The most common causes of complaints to the Australian Competition and Consumer Commission (ACCC) regarding franchising fall into two distinct categories – breaches of the Franchising Code of Conduct and breaches of the Trade Practices Act.
These are further defined as:
Franchise Law: Breaches of the Franchising Code of Conduct
- Failure to mediate: When one party to a franchise agreement formally puts the other party on notice of serious dispute and their intention to mediate, the other party is obliged to attend mediation (though not obliged to reach a settlement). A failure to attend mediation or failing to agree to mediate is a breach of the Franchising Code and franchise law.
- Failing to provide a disclosure document: The failure to provide a franchise disclosure document is a clear breach of the Franchising Code and franchise law. This type of franchise law breach can be caused by very poorly-organised and advised franchisors, or businesses which do not consider themselves to be franchises, but rather licensed business opportunities, or distributorships.
Franchise Law: Breaches of the Trade Practices Act
Aspects of the Trade Practices Act 1974 are also considered key areas of franchise law.
Although not specific franchise legal requirements, franchise professionals need to be aware of and familiar with the Trade Practices Act.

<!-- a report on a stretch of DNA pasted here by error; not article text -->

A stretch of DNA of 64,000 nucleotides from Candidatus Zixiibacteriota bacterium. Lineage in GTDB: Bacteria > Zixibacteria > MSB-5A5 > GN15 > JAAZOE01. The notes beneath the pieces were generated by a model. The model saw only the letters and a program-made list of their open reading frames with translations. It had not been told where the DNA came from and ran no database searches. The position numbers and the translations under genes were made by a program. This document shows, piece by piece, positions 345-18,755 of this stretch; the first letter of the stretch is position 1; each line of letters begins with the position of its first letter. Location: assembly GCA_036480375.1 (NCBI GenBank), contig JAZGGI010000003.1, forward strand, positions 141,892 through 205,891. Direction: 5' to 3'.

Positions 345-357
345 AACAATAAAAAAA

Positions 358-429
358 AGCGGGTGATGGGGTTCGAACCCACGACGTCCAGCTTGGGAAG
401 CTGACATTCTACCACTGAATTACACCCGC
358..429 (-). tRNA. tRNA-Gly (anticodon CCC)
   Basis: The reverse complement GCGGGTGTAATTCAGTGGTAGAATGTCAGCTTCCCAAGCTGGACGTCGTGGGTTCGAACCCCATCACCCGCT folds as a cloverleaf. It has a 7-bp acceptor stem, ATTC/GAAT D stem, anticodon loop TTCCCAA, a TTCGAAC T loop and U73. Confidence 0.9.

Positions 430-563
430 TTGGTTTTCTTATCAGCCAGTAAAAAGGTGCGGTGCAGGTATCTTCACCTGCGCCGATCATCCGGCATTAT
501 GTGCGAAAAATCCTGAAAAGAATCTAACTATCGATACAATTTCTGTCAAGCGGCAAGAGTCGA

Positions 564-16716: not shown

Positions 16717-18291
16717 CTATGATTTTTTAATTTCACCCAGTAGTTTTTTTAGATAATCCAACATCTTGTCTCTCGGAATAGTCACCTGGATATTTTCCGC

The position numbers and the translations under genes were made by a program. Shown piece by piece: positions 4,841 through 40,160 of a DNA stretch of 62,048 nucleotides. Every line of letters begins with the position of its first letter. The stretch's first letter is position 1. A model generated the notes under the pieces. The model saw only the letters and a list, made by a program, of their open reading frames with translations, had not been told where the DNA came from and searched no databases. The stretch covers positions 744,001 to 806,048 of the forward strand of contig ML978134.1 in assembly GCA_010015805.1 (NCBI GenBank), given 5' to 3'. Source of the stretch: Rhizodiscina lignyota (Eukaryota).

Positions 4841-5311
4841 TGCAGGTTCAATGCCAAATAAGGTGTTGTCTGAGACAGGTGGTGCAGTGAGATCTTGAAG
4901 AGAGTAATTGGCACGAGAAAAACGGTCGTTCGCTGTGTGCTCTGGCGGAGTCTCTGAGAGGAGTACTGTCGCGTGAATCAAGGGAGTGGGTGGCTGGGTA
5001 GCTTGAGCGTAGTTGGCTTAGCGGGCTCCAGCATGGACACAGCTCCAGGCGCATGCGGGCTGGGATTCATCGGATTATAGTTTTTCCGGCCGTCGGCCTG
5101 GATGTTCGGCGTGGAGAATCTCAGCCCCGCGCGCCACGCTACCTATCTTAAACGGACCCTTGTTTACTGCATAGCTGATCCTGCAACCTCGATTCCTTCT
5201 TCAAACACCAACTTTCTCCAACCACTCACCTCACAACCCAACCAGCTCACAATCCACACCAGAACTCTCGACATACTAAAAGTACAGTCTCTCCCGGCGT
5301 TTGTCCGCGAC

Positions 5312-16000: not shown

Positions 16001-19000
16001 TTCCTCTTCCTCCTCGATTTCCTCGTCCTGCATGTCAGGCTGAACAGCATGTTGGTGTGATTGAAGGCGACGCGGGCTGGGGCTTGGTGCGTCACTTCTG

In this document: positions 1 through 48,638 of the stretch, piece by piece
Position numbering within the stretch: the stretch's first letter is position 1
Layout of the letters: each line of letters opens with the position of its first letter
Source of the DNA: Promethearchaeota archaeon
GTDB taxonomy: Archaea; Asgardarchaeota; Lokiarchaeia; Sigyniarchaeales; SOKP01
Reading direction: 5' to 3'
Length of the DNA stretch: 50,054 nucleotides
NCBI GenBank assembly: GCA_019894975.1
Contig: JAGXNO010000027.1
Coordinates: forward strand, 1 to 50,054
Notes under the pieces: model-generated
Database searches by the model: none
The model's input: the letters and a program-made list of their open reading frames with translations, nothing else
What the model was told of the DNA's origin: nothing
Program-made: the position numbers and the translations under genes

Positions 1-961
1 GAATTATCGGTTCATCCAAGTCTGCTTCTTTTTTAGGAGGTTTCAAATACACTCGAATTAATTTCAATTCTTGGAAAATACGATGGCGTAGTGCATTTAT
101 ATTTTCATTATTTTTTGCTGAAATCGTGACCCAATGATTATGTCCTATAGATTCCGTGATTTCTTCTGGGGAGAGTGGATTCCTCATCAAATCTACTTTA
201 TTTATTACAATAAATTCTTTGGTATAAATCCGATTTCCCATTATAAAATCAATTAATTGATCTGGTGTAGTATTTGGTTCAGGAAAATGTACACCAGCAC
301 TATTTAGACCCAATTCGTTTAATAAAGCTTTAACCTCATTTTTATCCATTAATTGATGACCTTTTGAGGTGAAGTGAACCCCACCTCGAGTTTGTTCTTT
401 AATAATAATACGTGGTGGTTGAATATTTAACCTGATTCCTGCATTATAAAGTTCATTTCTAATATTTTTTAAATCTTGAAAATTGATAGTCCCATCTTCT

Breaches of the Trade Practices Act occur more regularly because of their applicability to both franchised and non-franchised businesses.
Generally Trade Practices Act breaches which occur in franchising are among the following:
- Providing false and misleading representations: Irrespective of whether the intent to deceive exists, if a franchisee is misled into buying a franchise business based on representations made to them by the franchisor (and those representations later turn out to be false), then the franchisee may have a case against the franchisor. The ACCC too may take action where misrepresentation has been alleged. Misrepresentation issues in franchising often encompass claims made or implied as to sales turnover, the adequacy of the site or location, the level of demand for the franchise product or services, or the extent of training and/or franchise field support.
- Unconscionable conduct: Unconscionable conduct is not defined in the Trade Practices Act, but courts can recognise conduct as unconscionable when they see it. Unconscionable conduct is more than just hard bargaining, which might be accepted between two parties of different relative strengths (franchisor and franchisee). A layman’s explanation of unconscionable conduct is when one party (usually the franchisor) takes extreme advantage over another party’s extreme disadvantage (ie. a scenario where the party with the upper hand takes concessions by figuratively holding a gun to the head of the other party).
Details of other legal proceedings related to franchising can also be found online.